Revenue helps the world go around. And the pandemic gave E-commerce a huge boost. But although small businesses took a hit, resilience is pushing a steady comeback. Providing financial services and guidance, organizations are helping to set up small Black businesses for success.
It is no doubt that small Black businesses are the one demographic most affected by the pandemic. As Black businesses face financial hindrances such as lack of lending, smaller earnings and a need for better money-management skills, financial stability and literacy continues to be the name of the game. The loss of more than 400,000 Black businesses has a drastic effect on the strength of the Black economy. Weakening an already slighted community, the pandemic also helped to shine a light on problems with access for minorities.
To counteract economic hardship in neighborhood businesses, programs like the Paycheck Protection Program, or PPP, were established but left Black firms out. Locked out by terms of the program, an inability to establish relationships with banks or credit unions, proper business documentation and other limitations, small Black companies accounted for less than two percent of PPP recipients during the program’s first round. Not seeing much improvement, Black businesses were still shut out during subsequent rounds.
Despite the restraints that attempt to hold them back, Black entrepreneurs and their small-scale companies continue to persevere and are poised to return full force.
The loss of Black businesses creates a financial vacuum in its neighborhoods. In numerous instances multiple streams of income are required for some small business owners to make ends meet.
“The impact of small business stretches farther than many may realize. Small businesses account for half of the jobs in the City of Detroit. Additionally, part-time businesses or side hustles as they are often called, provide much needed supplemental income for many households in Detroit and can often increase the economic mobility of our city’s residents,” says Pierre Batton, executive vice president of Small Business Services for the Detroit Economic Growth Corporation.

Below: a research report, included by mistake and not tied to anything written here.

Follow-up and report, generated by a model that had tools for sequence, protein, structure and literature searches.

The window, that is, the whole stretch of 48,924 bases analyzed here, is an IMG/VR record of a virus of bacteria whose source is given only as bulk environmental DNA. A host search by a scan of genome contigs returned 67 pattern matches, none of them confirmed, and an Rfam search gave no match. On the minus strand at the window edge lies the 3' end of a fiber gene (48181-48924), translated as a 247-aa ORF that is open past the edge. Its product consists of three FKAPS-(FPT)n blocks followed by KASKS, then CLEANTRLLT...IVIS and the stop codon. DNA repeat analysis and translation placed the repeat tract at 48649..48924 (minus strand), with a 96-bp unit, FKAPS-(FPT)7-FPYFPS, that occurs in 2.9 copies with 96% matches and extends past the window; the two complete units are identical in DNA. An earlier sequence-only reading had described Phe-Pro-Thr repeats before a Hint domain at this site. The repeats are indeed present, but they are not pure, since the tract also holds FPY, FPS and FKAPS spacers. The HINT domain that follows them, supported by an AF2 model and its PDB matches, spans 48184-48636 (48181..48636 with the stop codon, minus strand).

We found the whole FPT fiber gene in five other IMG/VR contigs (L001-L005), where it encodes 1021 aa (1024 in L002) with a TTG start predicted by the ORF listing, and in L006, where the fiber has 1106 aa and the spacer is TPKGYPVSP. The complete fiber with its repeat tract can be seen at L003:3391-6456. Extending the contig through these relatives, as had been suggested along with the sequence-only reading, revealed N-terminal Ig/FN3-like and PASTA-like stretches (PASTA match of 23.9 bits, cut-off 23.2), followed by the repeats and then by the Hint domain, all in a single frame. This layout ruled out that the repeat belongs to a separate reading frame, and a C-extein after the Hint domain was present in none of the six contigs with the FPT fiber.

Personal finances also play a role in financial stability in small businesses. Used to determine loan eligibility and credibility, personal financial standing can drive business finance opportunities.
“Personal finances are a huge factor in the long-term viability of a business. You have probably heard that 90 percent of small businesses don’t survive five years. That isn’t necessarily because the business goes bankrupt or isn’t making money, but the owner may not be making enough money to pay their personal bills or make it worth their while. They may make the decision to move on for another money-making opportunity,” says Mark Kwiatkowski, founder and president of Detroit Financial Coaching.
Visibility of Black businesses is a key factor in revenue. Unable to afford classic marketing, Black businesses are at a disadvantage in reaching a new audience. SCORE, launched in 1964, is a coalition of volunteers in the business and entrepreneurial sectors helping small businesses thrive behind the scenes. As marketing and the ability to afford financial coaching can hinder a business, this organization provides free resources to business owners to gain mentorship in various aspects of small business ownership. For Black businesses, this level of access could be a game changer.
“For years, small business owners have reported that marketing to successfully find customers is one of their top challenges,” says Candice Stennett, vice president of marketing for SCORE. “SCORE offers a wealth of free resources to help business owners become successful marketers, including webinars, e-guides and customizable templates, all of which are accessible through www.score.org.”
Recently, Governor Gretchen Whitmer announced a $650 million plan, as a part of a larger $2.1 billion proposal, to support and grow small businesses. As Black businesses have been shut out of previous financial endeavors, owners are hoping this time will be different.
“A thriving Michigan requires a transformational economic development strategy to advance our state’s competitiveness in a global marketplace,” said Sandy K. Baruah, president and chief executive officer of the Detroit Regional Chamber. “The Chamber continues to advocate for strategically investing American Rescue Plan funds to create the growth-oriented business climate necessary to be leaders in talent development and attraction, small business support and innovation.”